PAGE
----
AASHTO Journal, 12 August 2016
Massachusetts Gov. Charlie Baker on Aug. 10 vetoed a provision in a road and bridge funding bill that would have allowed the state to seek federal funds for a pilot program to test a tax on vehicle miles traveled, the MassLive.com news site reported.
The state Legislature included that provision for a voluntary pilot in late July when it finalized the broader legislation that authorizes state transportation programs. Baker signed the broader bill, which includes a new Municipal Small Bridge Program under which the state helps local governments pay for bridge projects that are not eligible for federal aid.
Some lawmakers had said testing a VMT revenue system was needed to help find a more stable way of funding projects in the future, while others complained that if it were to lead to an actual miles-traveled tax it would hurt western Massachusetts residents who must rely on cars instead of transit or commuter rail services that are available in big cities.
Last December, Congress in passing the five-year FAST Act surface transportation law authorized grants for states to demonstrate user fee-based revenue mechanisms as an alternative to the Highway Trust Fund’s mix of excise taxes on motor fuels and truck equipment.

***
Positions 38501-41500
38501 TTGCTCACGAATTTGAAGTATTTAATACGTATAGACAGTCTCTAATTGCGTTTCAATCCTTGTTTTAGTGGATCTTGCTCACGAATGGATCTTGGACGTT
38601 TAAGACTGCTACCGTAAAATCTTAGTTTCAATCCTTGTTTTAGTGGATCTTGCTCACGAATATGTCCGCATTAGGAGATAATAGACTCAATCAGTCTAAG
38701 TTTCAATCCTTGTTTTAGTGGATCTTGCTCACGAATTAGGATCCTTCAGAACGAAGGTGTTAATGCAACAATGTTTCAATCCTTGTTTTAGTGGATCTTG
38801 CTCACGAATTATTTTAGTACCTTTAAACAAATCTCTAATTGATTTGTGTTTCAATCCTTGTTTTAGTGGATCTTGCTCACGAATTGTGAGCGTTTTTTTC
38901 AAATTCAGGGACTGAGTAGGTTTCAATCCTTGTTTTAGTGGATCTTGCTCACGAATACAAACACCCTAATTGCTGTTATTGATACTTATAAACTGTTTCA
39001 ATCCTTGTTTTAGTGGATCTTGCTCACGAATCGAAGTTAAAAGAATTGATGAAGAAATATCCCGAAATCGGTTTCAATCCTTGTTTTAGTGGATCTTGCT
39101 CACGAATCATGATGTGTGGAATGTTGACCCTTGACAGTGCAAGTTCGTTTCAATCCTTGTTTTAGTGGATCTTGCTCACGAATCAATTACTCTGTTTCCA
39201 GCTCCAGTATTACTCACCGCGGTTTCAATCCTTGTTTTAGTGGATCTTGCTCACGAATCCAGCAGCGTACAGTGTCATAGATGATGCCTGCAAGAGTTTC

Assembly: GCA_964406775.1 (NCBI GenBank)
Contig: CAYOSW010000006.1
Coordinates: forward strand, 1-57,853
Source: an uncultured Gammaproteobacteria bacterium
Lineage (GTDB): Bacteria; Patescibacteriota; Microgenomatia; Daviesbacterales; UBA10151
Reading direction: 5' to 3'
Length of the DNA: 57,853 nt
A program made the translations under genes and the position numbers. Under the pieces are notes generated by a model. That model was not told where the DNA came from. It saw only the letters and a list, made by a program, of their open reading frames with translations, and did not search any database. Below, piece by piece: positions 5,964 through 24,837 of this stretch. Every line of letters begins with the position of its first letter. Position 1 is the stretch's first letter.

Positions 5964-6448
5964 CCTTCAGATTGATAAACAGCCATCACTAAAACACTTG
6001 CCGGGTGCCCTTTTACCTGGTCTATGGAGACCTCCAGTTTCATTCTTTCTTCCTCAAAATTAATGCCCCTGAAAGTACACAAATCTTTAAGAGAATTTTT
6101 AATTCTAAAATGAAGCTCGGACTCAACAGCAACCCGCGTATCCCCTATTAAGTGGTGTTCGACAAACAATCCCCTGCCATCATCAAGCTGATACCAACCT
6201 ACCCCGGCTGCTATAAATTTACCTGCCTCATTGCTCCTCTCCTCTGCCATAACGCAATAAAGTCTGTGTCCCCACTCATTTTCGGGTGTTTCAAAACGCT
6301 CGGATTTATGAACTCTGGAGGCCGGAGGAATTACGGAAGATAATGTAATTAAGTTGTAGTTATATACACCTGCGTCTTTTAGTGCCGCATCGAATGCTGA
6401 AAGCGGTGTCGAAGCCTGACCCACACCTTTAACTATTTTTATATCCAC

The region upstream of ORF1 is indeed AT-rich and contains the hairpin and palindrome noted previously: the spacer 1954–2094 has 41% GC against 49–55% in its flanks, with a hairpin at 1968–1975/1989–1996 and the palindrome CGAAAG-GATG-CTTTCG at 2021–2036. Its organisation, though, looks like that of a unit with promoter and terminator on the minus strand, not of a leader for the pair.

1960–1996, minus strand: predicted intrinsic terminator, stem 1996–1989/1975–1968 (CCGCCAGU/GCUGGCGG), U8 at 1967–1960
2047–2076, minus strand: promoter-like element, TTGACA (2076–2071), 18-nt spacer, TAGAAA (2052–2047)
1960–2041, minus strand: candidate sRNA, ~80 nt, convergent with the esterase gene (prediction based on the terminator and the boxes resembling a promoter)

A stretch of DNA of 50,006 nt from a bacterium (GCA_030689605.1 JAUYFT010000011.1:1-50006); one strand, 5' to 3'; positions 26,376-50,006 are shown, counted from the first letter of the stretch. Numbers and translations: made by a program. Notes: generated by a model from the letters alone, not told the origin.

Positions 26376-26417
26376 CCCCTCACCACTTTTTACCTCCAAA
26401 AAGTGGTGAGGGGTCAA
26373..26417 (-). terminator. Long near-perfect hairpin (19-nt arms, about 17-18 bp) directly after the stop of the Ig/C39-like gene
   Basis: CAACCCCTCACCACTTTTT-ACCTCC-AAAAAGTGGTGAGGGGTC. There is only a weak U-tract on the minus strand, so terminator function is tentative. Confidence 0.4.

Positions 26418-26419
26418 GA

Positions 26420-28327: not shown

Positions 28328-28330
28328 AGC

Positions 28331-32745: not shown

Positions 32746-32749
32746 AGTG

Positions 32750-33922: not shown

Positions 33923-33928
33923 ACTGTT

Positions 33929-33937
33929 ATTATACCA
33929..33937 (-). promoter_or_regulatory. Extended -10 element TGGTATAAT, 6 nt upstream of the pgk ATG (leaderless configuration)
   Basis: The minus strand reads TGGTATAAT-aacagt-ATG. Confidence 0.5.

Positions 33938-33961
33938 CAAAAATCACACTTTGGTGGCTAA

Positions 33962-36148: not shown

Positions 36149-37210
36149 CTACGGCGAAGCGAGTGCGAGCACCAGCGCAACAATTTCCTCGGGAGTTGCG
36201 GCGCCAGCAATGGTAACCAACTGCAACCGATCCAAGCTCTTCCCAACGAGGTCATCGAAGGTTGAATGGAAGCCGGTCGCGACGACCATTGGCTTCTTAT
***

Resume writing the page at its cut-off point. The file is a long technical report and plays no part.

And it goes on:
Oregon and California have already launched voluntary VMT test programs, and officials in some other states have said they are considering some as well.
Baker told reporters Aug. 9 of his decision to strike the provision. “We’ve already said that we don’t support the vehicle-miles-traveled tax, and we’re going to veto that section of the bill,” Baker said, according to the State House News Service.
MassLive.com said that since the Legislature has ended its session, lawmakers cannot override his veto.
The story said that in a signing statement Baker gave several reasons for his veto, including that he would oppose any VMT tax that would impose it in addition to the state motor fuel tax and that he worried about the privacy rights of participants.